I will have to disagree with you. if we use recursion because of we don't have link back to parent. We can always save the previous link, which is a constant space (O(1).) The goal is to understand trade off. Such as trade off memory space to improve runtime performance. If what you say is true. Then people at Google will never program with dynamic programming. They will never use quick sort or merge sort (both quick sort and merge sort are divide and conquer problem)

You cannt save one back link, you have to stack them up for DFS, that is why there is a stack.

All the tradeoff things are nice, dynamic programing are nice for wide range of many different problems they will ask you. But this particular problem may all be about O(1) memory. Google's problem are beyond just divide and conquer skills, their do make sure you have them - but more.

That will depend on how you think about O(1) memory. I do not consider stack pointer increment consider as part of memory complexity. when the question asked doing it in place. This is what I consider as O(1). When people compare quick sort vs merge sort, people all know that they both run as O(n log n). The only reason why quick sort is better than merge sort is because you can easily do quick sort in place whereas, merge sort in place implementation is a lot harder.But quick sort has memory complexity of O(log n) simply because everytime you recursively call quicksort, there are new variables in every stack frame ('hi' and 'low'). But in my case, I did not declare any new variables. I only pass variables by references. The only only think that I can think of where you can argue about is the pointers to the variables that I pass in. Well, if that is something that Google tried to avoid, I guess Google is not the company for me. I was in Google onsite interview few months back and during the phone screen, I answered exactly with recursion. Maybe different interviewer has different requirement. Who know.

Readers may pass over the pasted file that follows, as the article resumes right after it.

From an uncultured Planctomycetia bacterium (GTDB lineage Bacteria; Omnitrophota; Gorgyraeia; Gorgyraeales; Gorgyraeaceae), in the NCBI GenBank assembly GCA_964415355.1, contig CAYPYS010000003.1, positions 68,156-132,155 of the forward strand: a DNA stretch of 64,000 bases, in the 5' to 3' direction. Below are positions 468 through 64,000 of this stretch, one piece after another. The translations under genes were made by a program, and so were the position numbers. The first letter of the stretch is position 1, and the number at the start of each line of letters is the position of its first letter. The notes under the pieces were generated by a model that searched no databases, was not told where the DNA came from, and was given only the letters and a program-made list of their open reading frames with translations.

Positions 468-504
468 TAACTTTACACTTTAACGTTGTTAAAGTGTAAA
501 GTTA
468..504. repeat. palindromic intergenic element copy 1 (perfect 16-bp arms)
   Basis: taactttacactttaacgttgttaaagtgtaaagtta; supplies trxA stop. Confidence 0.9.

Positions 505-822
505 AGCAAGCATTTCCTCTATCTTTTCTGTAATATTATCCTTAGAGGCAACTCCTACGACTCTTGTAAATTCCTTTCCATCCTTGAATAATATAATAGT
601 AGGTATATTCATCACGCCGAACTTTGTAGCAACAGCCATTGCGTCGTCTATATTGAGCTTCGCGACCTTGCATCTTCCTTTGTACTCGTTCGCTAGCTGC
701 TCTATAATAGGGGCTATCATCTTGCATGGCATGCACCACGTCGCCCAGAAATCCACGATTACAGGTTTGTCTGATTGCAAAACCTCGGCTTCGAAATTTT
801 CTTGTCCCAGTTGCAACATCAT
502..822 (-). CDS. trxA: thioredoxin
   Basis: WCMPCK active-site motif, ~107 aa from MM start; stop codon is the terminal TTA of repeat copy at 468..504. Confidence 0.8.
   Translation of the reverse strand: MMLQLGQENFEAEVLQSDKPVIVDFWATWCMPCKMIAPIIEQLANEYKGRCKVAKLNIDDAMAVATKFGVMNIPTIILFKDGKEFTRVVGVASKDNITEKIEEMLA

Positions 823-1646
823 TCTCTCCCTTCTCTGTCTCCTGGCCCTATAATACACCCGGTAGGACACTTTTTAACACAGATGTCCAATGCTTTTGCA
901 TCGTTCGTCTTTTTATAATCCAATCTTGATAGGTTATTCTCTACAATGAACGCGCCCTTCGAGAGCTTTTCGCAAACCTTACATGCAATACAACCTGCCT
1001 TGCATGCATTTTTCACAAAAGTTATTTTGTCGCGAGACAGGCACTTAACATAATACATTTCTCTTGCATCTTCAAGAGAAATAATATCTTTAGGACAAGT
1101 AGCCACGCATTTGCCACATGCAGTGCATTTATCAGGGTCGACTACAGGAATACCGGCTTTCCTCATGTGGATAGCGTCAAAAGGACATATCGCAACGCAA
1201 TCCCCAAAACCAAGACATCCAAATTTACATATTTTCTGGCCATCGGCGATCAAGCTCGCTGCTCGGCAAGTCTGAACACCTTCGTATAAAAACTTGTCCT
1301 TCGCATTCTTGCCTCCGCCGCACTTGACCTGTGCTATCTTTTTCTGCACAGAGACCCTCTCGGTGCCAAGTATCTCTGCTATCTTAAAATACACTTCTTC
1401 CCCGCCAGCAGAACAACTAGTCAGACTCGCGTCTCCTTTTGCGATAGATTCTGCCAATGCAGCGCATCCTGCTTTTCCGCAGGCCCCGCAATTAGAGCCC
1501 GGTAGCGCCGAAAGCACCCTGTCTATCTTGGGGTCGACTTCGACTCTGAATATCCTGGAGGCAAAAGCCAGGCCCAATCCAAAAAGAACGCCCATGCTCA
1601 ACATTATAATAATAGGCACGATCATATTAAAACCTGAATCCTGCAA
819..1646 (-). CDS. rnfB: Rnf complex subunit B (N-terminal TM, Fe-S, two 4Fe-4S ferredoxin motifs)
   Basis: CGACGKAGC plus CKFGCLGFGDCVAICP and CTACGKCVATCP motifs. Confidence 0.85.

1. Recursion is always stock. If you are dealing with huge amount of data you sometimes must avoid it because most languages have limit to such stack. Try implementing some recursive method - let's say Fibonachi recursively ( F(i)=F(i-1)+F(i-2) even though DP method much more efficient, but for the education purpose) and run for large ith Fibonachi number. You will be surprised how quickly you will reach the limit.

2. Recursion is not bad in many many problems. They ARE NOT taboo in Google interview unless the SPECIFIC problem places taboo.

3. In-place and O(1) memory are two different things. May be this problem asked about in-place but not about O(1), may be a person who posted can verify. If your stack runs out of stack memory, the fact it is in place algorithm will not help you.

4. The problems Google ask is not always about what they do, but for testing problem solving.

5. And one more note about recursion. If a method is not dependent on recursive call return to complete, it may not need to stack it up. This is why perhaps sorting method do not consider its memory cost. Once you are given your divide, you can finish it independently and compiler may realize it and not need to stack it for later un-stacking. However, this is normally not the case in tree walking because you have to return from left to go to right so the method is dependent on un-stacking to complete it.

This can be EXTREMELY easy if you build up the list by recursive construction and returning the start and end of each sublist:

```
static class Node{